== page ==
Yesterday I was fortunate enough to attend a Women in Banking & Finance lunch. The guest of honour was David Gonski who was interviewed on stage by ANZ’s Amanda Gome. Their conversation weaved through his career, his advice to those seeking directorships and board positions, his mentors and the principles he tries to live by.
Halfway through the interview Amanda asked him about his position on quotas. Unsurprisingly, Gonski’s answer was considered and eloquent. He explained that he is against quotas but not against targets. Quotas, he said, are the start of a difficult wedge. He was adamant however that the lack of female representation is a problem and described boardroom tables dominated by men as “foolish”.
Rather than impose quotas to remedy this he argued the better thing would be “for us to see the problem and work towards a solution”. He described it as a “man problem not a woman problem” and was resolute that a lack of talent on the part of females is not the issue. “There is no doubt about it, female talent is, if not better, at least equal to, men.”
He spoke encouragingly about the Male Champions of Change, explaining that chief executives taking the lead on this issue is powerful. Without leadership from chief executives, companies will not make progress in this realm. He conceded change is taking time but said we have to reach the “tipping point”.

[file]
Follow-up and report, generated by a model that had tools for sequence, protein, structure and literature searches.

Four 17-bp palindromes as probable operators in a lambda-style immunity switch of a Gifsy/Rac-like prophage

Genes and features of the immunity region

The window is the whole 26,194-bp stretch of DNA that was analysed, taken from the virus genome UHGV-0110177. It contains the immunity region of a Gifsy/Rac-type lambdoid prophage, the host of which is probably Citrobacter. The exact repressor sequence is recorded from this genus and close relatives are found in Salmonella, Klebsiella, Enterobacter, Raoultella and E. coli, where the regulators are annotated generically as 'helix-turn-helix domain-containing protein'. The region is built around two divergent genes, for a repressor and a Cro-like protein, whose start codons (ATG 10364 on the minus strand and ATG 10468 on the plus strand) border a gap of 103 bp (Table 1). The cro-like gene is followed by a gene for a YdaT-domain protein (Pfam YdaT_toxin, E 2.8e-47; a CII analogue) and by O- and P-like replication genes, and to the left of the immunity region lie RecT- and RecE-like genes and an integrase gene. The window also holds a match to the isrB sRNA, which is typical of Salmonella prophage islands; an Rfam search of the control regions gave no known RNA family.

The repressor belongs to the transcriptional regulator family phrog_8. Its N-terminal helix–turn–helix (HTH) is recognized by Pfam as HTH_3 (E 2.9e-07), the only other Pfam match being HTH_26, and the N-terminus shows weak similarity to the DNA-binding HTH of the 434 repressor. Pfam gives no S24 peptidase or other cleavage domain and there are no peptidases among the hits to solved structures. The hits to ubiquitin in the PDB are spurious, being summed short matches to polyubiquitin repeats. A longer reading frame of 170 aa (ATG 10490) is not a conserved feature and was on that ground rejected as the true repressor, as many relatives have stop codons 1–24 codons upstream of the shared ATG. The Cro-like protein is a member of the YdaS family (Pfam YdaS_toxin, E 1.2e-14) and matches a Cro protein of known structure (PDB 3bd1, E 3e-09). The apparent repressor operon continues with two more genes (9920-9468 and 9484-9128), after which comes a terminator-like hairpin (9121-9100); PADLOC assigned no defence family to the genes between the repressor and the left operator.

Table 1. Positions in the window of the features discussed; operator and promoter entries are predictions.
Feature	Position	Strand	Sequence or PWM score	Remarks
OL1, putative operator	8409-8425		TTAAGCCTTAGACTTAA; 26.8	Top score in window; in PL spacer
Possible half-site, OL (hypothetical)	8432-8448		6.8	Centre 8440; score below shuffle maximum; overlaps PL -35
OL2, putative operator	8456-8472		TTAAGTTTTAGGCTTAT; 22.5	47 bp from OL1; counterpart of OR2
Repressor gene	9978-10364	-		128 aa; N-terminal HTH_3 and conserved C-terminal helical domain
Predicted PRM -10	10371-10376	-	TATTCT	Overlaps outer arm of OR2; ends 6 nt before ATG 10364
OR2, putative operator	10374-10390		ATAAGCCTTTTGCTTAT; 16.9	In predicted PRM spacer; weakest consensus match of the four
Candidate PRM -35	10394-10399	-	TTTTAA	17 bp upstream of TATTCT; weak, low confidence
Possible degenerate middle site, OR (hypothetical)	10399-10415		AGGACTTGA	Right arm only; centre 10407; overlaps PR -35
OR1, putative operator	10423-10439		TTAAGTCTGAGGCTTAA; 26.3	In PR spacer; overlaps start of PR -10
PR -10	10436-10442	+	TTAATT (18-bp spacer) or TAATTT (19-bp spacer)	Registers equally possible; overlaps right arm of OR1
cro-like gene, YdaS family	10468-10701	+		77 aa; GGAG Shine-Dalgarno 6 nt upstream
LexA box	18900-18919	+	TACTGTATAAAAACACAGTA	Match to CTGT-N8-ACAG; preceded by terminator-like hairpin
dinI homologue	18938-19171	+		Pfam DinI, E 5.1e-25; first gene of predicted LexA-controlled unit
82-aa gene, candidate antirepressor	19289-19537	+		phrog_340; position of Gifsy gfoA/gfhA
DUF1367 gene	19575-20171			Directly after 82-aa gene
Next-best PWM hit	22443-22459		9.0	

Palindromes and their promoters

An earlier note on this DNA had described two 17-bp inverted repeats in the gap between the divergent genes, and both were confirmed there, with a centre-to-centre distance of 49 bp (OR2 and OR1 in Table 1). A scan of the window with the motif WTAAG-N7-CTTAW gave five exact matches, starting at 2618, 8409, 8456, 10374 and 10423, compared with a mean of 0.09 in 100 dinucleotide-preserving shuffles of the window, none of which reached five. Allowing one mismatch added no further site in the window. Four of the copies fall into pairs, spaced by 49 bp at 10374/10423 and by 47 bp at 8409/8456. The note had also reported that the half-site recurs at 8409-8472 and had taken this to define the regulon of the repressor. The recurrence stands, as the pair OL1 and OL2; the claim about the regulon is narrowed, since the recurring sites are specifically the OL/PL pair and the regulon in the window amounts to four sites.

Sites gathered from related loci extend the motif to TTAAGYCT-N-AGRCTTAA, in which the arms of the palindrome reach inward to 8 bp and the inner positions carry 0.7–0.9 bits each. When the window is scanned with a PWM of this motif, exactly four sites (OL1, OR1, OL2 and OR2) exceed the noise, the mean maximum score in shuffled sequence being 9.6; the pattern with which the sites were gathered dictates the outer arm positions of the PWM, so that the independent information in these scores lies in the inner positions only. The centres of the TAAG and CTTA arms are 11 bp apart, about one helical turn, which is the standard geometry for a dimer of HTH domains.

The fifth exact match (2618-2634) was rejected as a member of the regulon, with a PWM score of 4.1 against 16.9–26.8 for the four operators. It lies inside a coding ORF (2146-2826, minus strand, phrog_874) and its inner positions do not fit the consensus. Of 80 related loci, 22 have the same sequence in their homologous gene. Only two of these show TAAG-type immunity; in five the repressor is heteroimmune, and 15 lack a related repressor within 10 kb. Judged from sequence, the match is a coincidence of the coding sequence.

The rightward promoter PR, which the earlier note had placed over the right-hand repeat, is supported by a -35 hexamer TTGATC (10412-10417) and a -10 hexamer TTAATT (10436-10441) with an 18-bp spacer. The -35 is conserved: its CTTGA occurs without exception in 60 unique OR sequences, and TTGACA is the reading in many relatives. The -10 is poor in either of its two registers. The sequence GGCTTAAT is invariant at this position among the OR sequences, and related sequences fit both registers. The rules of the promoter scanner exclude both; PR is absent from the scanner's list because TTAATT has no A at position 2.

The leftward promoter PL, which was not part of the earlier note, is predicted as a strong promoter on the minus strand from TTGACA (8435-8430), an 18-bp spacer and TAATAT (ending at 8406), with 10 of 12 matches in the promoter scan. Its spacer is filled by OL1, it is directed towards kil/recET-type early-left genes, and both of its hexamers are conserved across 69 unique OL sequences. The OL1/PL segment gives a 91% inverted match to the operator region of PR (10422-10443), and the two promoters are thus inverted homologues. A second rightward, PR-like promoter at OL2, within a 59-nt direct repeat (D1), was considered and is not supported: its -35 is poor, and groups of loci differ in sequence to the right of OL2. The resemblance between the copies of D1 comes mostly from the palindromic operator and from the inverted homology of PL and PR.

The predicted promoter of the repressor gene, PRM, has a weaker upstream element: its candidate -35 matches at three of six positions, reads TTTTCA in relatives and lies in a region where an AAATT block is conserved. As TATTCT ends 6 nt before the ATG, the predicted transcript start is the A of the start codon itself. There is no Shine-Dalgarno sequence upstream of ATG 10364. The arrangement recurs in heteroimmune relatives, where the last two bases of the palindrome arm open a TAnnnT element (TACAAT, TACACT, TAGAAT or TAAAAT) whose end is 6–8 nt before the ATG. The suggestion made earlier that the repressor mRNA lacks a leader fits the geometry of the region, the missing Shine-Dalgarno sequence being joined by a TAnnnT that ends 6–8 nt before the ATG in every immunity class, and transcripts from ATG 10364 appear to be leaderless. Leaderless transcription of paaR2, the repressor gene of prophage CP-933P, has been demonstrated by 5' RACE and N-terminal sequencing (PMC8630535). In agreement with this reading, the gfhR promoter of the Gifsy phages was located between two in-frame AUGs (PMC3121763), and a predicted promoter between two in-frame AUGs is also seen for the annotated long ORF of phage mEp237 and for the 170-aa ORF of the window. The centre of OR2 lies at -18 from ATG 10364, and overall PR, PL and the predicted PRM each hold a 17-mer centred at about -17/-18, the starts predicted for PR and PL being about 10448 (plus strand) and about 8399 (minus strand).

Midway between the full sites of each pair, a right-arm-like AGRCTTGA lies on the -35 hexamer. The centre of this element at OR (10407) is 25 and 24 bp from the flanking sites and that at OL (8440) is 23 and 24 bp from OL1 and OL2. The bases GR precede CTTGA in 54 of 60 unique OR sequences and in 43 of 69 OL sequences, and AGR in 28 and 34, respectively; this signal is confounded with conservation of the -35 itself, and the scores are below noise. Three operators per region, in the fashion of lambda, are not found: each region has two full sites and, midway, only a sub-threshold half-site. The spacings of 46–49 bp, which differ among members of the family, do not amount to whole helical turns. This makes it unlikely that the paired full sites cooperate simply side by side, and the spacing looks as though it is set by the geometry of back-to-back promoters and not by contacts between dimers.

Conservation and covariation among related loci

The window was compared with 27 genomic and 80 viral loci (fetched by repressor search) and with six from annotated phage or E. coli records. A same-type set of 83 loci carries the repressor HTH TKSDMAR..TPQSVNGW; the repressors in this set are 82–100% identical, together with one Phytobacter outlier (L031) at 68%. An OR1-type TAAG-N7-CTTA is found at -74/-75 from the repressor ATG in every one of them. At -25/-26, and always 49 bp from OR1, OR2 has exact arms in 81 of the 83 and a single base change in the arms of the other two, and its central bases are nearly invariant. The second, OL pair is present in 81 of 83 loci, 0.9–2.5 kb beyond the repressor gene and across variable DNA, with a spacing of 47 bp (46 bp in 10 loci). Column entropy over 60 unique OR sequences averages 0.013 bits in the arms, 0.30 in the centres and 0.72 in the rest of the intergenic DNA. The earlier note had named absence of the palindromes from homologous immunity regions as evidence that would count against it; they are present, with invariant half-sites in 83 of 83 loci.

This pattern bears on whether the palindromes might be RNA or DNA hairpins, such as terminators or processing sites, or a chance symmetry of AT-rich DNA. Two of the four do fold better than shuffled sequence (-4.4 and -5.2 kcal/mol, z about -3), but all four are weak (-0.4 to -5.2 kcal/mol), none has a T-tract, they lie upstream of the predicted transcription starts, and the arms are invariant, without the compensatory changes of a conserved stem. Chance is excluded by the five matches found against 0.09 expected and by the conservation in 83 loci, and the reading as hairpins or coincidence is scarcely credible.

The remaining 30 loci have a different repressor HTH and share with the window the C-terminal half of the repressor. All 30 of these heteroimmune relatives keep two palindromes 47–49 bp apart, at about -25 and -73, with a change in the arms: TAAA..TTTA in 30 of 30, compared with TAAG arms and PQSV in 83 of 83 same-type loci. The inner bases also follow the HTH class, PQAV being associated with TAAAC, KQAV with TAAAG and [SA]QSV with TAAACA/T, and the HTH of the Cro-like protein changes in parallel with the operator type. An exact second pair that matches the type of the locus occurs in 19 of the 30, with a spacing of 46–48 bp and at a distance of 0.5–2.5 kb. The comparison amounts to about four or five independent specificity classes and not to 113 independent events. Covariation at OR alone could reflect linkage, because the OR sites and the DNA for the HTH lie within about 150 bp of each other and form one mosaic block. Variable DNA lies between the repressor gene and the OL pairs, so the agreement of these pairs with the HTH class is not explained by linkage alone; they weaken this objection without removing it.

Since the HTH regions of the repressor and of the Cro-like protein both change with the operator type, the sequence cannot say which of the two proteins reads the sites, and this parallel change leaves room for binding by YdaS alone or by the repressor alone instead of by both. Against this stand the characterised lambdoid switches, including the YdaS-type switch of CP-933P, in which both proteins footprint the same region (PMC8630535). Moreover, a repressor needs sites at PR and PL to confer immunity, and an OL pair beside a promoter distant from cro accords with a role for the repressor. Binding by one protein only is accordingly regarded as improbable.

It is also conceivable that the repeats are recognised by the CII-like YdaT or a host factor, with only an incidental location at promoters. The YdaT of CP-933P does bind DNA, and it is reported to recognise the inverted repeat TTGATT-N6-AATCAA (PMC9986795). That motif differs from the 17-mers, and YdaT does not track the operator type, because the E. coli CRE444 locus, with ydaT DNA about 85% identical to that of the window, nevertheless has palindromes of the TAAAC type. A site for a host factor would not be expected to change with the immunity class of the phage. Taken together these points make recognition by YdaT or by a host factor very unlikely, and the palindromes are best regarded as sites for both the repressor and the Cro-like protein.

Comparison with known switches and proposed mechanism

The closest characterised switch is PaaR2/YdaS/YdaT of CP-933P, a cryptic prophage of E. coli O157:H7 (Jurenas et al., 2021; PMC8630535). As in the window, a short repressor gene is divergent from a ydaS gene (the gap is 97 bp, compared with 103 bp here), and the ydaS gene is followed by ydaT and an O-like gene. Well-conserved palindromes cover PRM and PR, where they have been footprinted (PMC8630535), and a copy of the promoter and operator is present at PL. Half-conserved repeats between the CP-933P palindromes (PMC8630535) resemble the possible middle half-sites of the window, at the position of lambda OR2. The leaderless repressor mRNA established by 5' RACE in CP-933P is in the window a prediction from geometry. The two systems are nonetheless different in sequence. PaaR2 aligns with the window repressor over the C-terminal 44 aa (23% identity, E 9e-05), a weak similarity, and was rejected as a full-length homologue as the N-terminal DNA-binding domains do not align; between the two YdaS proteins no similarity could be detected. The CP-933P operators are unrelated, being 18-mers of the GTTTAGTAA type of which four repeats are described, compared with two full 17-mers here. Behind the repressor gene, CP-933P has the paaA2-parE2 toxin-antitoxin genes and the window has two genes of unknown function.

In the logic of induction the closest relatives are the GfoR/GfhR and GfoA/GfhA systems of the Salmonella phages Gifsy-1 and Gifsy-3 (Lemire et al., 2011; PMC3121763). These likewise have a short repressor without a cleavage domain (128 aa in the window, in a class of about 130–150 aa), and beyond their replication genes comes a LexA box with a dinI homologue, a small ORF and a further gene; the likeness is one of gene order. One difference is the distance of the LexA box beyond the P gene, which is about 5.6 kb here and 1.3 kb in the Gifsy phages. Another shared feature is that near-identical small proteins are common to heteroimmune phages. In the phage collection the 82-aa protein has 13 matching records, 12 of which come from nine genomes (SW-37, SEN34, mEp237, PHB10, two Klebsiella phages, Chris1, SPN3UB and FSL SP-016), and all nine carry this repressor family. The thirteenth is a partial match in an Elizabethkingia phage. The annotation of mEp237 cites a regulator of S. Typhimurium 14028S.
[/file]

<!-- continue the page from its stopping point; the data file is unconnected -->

Eloquent and considered as his answer was, nevertheless, I disagreed. My personal opinion is that quotas are the mechanism by which that tipping point can be reached.
When an opportunity arose to ask questions I hesitated. The room was full of well-established banking and finance executives. The idea of questioning a leader of Gonski’s standing in that company was daunting but before I knew it, my hand went up, and soon enough the microphone was mine. To say I asked this question with some trepidation is an understatement:
“Based on the current rate of change we can expect to achieve gender parity in 300 years. In light of that and because as you said, there is no shortage of suitable female candidates in Australia, are quotas not the manmade solution to bring about change?”
His answer echoed his earlier reasoning; imposing quotas can make appointments seem artificial. It would better if the change occurred organically. I agree wholeheartedly with that but in my mind 300 years seems an awfully long time to wait.
I accept the argument that quotas can create an unhelpful perception of tokenistic female appointments but my belief is that the talent and ability of women is sufficient to overcome that. And the benefit of quotas is that more equal representation would become uniform. Once women reach the tipping point – at around 30% – gender becomes less relevant; they will be judged on their own ability. Currently women are not judged on their own ability – they are judged according to the notion of “merit” which is skewed towards the existing majority.
To my mind, unless quotas – or genuine targets – are imposed as a practical mechanism to achieve greater representation of women, change will not come. Or, it will come in 300 years which is practically the same thing as it never happening.
What is your view on quotas?